Schools ban book
AZCentral has this report on a book that went too far.
For Dysart Unified School District, the answer is easy: you pull the book off the library shelves when it has explicit sexual content and doesn\'t advance the goals of the district, which includes promoting family values.
So Detour for Emmy by Marilyn Reynolds came off the shelves of Dysart elementary schools when a mother of two girls, sixth- and seventh-graders, complained.
Dysart Superintendent Margo Seck said she has pulled the entire \"True-to-Life Series from Hamilton High\" until officials have time to read the series. \"I take a real conservative approach,\" Seck said. \"I look at it from the point of view, would I want my child to have access to this type of material. And no, I would not.\"
The book, published in 1993, deals with Emmy, a straight A student, soccer star and lead soprano in the choir. She is a member of a dysfunctional family who has protected sex with her boyfriend, except for one night.
The sex act that night is graphically described.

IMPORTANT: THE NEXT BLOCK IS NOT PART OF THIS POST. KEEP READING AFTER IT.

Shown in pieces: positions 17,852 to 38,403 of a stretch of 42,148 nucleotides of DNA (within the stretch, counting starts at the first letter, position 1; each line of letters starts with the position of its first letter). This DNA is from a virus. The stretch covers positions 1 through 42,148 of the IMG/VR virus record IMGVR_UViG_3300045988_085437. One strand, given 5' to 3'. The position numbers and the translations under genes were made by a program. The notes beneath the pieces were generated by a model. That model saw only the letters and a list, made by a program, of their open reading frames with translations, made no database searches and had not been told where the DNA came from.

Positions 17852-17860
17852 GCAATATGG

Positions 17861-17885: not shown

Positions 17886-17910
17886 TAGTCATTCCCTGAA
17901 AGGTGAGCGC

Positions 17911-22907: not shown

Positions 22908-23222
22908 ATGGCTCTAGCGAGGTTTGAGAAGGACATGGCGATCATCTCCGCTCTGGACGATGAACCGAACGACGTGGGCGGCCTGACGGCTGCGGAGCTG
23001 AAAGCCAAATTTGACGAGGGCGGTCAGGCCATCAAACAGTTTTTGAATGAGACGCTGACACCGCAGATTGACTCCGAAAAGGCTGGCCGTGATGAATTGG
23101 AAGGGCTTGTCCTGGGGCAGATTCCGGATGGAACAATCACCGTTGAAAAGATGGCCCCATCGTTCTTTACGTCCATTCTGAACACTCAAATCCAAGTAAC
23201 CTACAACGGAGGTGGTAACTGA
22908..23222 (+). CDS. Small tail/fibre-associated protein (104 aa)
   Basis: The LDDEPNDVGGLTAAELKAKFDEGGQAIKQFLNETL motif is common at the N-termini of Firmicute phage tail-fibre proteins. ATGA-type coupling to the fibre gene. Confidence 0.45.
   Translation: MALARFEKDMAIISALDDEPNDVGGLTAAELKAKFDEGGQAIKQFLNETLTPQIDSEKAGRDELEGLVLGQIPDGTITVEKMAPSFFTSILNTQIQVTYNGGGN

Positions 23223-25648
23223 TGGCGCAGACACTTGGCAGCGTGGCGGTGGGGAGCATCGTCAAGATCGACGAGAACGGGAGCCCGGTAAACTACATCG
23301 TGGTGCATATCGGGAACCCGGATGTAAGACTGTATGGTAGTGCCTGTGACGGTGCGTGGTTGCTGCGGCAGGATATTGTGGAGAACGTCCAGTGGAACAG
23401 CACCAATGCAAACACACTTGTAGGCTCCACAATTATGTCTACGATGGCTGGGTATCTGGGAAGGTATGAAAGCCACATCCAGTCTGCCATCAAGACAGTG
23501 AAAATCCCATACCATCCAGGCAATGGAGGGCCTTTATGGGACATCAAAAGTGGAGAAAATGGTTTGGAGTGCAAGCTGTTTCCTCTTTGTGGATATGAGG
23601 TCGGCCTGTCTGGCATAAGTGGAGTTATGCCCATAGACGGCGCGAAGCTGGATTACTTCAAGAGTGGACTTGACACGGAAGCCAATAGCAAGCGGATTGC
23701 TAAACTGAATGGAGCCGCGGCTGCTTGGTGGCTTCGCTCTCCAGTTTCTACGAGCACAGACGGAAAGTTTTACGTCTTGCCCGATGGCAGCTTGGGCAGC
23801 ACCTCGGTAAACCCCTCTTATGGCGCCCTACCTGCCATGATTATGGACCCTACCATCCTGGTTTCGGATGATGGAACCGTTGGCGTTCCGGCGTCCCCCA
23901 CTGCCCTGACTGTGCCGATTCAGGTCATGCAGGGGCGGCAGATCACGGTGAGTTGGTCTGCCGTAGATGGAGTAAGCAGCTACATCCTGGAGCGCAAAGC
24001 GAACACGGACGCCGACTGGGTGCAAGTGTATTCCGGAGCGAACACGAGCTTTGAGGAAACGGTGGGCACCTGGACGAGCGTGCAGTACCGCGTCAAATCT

Emmy becomes pregnant, considers abortion, but decides to have the baby.
Reynolds offered no apologies for her books. They deal with issues faced by youth today, she said.
\"I try to tell a realistic story,\" Reynolds, who lives in Gold River, Calif., said. \"She (Emmy) gets pregnant and she doesn\'t do it by breathing.\"
Reynolds, a 64-year-old retired teacher, taught English in an alternative high school in Los Angeles County. She said she didn\'t see any books that accurately reflected the lives of many high school students, especially those dealing with issues such as teen pregnancy.
She acknowledges that the book contains portions that are offensive to some, but watering down the story would be selling the readers short, she said.